The study included 32 male Sprague-Dawley rats (weight 242±26 g, age 9 to 11 weeks). Rats were divided into four equal groups as follows:

Control group was used for sampling the normal histology of the abdominal aorta of rat genus using standard median laparotomy. Abdominal aortas of these rats were harvested without any application, and normal vascular endothelium was evaluated histopathologically.

Group 1: Abdominal aortas of these rats were explored with standard median laparotomy. The explored abdominal aorta was clamped with a plastic bulldog for 10 minutes. Afterwards, the clamped segment of the abdominal aorta was harvested for histopathological evaluation of the vascular endothelium.

Group 2: Abdominal aortas of these rats were explored with standard median laparotomy. The explored abdominal aorta was clamped with a metal bulldog for 10 minutes. Afterwards, the clamped segment of the abdominal aorta was harvested for histopathological evaluation of the vascular endothelium.

Group 3: Abdominal aortas of these rats were explored with standard median laparotomy. The explored abdominal aorta was clamped with a microvascular clamp for 10 minutes. Afterwards, the clamped segment of the abdominal aorta was harvested for histopathological evaluation of the vascular endothelium.

Ketamine hydrochloride (Ketalar, Pfizer) at a dose of 130 mg/kg and xylazine (Rompun, Bayer) at a dose of 20 mg/kg were used for anesthetic management with intraperitoneal injection during the surgical procedure. Anesthetic maintenance was continued with ketamine hydrochloride at a dose of 50 mg/kg.

A maxi 45°-angled plastic bulldog clamp (Vascu-Statt II®; Scanlan, USA) (given a clamping pressure of 165 g-175 g, catalog no. 1001-505) [31 g clamping force and 8 mmHg systemic pressure increase] was used for clamping the aortas of rats in group 1. A DeBakey-Dietrich metal micro bulldog clamp (E type, Geister® Medizintechnik GmbH, Tuttlingen, Germany) was used for clamping the aortas of rats in group 2 (clamping length: 46/1 ½ mm, jaw: 14 mm, weight: 3.0 g, closing pressure: 180 g, catalog no. 20-0321) [47 g clamping force and 16 mmHg systemic pressure increase]. A DeBakey peripheral vascular clamp (M 22-0106 clamping length: 10 cm/4) [65 g clamping force and 27 mmHg systemic pressure increase] was used for clamping the aortas of rats in group 3. The case-specific clamping forces of clamps were calculated according to previously described methods with given general clamping force and producer parameters.[2,5] Vessel thickness (histopathologically determined mean aortic thickness was 108.7±2.7 100 μm), clamping area, and the given clamping pressures by producer were used as determinants for calculating the applied clamping pressures of the metal and plastic bulldog clamps on the rat aortas.[2] T he a pplied c lamping p ressure o f a n atraumatic microvascular clamp, which has six levels of force, was generated by closing the clamp at three, four, five, and six notches of closure on the rat aorta and was calculated according to closed notch number (the closure of vessel was applied at the sixth notch for this experiment to provide uniformity), clamped vessel thickness, applied force (given clamping pressures by producer), area of the clamped artery, and external diameter of the clamped artery.[2] A ll clamping forces were expressed as Newtons (N), and clamping pressures on the affected vessel area were expressed as N/mm2.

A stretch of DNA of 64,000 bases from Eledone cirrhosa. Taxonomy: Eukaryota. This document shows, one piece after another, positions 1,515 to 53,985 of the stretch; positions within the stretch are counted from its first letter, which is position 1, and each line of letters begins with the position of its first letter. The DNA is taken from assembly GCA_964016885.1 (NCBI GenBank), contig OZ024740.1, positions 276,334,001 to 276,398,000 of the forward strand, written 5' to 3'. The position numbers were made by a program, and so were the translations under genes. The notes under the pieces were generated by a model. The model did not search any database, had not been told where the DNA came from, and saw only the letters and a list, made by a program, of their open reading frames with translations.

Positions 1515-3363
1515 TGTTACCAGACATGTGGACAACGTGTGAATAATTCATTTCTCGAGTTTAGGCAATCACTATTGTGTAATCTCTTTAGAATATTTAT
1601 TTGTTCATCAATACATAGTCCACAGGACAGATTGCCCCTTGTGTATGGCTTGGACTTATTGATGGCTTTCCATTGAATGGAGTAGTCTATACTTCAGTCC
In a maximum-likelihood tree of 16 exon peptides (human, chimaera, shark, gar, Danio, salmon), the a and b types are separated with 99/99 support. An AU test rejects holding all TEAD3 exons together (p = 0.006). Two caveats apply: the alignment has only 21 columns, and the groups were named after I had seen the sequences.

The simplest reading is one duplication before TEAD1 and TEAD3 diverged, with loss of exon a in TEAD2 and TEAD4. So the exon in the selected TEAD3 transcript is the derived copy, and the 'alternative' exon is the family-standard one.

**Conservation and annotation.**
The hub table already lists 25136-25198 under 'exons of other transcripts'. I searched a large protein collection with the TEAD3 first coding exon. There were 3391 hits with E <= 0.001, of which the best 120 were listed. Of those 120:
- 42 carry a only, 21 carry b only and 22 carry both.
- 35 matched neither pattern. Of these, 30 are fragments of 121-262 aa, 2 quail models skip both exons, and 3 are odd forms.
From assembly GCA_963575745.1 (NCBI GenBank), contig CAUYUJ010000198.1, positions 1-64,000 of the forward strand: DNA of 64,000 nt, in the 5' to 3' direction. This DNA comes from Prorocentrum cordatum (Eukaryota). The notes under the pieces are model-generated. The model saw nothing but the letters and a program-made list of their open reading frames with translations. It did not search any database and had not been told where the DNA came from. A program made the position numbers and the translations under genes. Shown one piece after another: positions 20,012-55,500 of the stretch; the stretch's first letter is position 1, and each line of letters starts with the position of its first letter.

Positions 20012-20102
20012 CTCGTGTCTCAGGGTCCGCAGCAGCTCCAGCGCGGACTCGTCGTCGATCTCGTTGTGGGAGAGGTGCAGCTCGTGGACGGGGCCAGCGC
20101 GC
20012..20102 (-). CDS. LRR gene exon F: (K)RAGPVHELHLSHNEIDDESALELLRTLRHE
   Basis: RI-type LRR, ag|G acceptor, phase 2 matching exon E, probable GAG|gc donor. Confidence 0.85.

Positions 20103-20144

The aortic biopsies were fixed in 10% neutral buffered formalin solution for 24 hours, dehydrated, cleared, and embedded in paraffin as usual. Serial tissue sections at a thickness of 4 μm-5 μm were cut using the microtome, stained with hematoxylin and eosin, and evaluated with a Nikon eclipse TSE 100 f model.